The gym is often the last place people consider going when they are under the weather, and it definitely should not be the first place to consider going when you are contagious! However, going for a walk outside, climbing stairs, riding a bike, or any way you keep the body moving are all important for stimulating the lymphatic system to clear the infection. Energy levels can often be low, and moderate levels of activity can help to provide a boost and a good night of sleep.
Localized Vitamin B12 injections
Not every naturopathic doctor considers this an important part of shingles management, but in my clinical and personal experience, localized vitamin B12 injections have provided pain relief within a matter of hours. Of course, this depends where the shingles outbreak is located, but localized injections on the trunk and face can be uncomfortable, yet effective. Vitamin B12 plays an important role in nerve health and formation of myelin, a protective layer around nerves that insulates and allows them to fire quickly. This makes it an important nutrient in the management of all nerve-related disorders.
For anyone suffering from chronic cold sores, lysine is an important amino acid with antiviral properties targeted directly at the herpes virus. Research shows that a high ratio of lysine to arginine is favourable for slowing the replication of the herpes virus and accelerating recovery. The best part about lysine is that it doesn’t need to be consumed in large doses, and even a small dose can be taken every day to boost immunity and prevent future outbreaks.[ 3 ]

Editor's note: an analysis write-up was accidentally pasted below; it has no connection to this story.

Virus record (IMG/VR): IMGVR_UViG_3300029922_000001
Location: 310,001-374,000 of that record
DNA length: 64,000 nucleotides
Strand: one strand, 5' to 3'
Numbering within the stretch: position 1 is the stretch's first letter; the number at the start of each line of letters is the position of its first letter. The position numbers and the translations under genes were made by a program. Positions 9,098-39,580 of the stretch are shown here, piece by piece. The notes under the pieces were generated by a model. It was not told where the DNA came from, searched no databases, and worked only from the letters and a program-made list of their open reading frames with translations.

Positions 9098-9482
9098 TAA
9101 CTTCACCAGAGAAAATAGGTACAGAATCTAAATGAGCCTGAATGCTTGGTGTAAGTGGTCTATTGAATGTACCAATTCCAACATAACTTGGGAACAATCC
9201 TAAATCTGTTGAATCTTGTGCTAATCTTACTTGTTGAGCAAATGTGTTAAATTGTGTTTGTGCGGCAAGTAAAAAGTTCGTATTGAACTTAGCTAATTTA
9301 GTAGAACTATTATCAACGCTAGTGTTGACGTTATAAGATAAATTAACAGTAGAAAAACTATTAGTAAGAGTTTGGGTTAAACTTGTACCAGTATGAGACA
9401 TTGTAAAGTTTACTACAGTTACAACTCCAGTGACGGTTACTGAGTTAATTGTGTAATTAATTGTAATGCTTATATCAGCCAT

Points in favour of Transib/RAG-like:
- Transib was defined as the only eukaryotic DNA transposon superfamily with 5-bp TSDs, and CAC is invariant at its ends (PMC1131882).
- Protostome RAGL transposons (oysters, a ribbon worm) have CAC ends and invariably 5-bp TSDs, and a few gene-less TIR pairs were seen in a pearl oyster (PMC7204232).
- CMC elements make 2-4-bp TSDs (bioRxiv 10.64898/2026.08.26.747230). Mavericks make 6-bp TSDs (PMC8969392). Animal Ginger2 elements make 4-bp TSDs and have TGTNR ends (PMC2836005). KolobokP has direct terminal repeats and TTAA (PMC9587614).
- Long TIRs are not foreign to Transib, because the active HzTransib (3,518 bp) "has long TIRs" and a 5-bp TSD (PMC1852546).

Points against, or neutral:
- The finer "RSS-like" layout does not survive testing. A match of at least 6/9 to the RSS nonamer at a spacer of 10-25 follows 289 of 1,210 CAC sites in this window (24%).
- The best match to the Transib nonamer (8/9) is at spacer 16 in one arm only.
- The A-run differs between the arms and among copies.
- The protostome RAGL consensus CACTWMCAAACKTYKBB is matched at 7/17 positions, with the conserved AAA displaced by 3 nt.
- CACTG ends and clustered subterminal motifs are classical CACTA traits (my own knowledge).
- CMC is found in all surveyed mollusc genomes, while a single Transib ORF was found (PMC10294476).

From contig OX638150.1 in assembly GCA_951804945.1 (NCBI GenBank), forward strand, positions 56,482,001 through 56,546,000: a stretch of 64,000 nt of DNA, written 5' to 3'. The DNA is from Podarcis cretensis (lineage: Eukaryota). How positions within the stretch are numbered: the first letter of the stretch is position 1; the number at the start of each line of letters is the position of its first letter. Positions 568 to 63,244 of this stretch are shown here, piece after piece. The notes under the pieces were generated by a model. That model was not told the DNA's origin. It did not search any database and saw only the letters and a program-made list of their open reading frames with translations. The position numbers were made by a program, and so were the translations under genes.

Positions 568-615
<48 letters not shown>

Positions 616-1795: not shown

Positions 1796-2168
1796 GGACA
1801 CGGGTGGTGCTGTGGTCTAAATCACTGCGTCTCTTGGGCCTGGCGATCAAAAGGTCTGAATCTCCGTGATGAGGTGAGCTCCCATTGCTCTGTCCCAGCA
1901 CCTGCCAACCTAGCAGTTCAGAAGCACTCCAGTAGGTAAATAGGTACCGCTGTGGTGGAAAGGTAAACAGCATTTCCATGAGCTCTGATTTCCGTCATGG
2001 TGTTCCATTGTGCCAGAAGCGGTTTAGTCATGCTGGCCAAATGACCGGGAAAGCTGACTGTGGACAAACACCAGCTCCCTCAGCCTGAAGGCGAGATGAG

We all know vitamin D is essential for all of us living in the Northern Hemisphere. Our sun isn’t as strong, our daylight hours are reduced, and we often spend most of our days indoors at work. Vitamin D has implications in bone health, mood balance, and immune support, and it plays an important role in brain health and cognitive function. A systematic review published in 2017 demonstrated that low levels of vitamin D throughout life increase the risk of dementia and the rate of cognitive decline later in life.[ 4 ] In the management of short-term shingles, vitamin D may not create noticeable changes, but is overall an important part of strengthening the immune system and preventing recurrence.
Antioxidants are nutrients found in certain foods, which are known to be protective against damage anywhere in the body. Antioxidants can protect blood vessels in people with high blood pressure, the gastrointestinal tract for people exposed to harmful bacteria, and the brain for those with a tendency towards depression. They are found in berries, green tea, and certain vegetables, and they are rarely consumed in high-enough quantities in the typical North American diet.[ 5 ] For someone with shingles, antioxidants must be consumed in supplement form to reach the recommended dose most effective for healing the skin, reducing scarring, and protecting nerves.
Antiviral herbs can be used in many ways; most commonly as a tea, but more potently as a liquid tincture. Ideally, a herbal formula is initiated as early as possible and carried out for the duration of the outbreak, but the ideal dosing schedule will depend on the severity of the outbreak. Several professional companies will sell antiviral formulas, but here are a few of my favourite herbs for managing shingles:
- a. Hydrastis canadensis (goldenseal)
- b. Glycyrrhiza glabra (licorice)
- c. Achillea millefolium (yarrow)
- d. Echinacea angustifolia (echinacea)
As with all things, the treatment of shingles is different for every individual, and it requires the time and effort of an experienced practitioner to determine the proper dosing and frequency of these treatments. It is also important to consider potential interactions with conventional medications, which may be more prevalent in an elderly population. No matter what the age or immune status of the person, natural treatments are a highly effective option, alone or in conjunction with antiviral pharmaceuticals.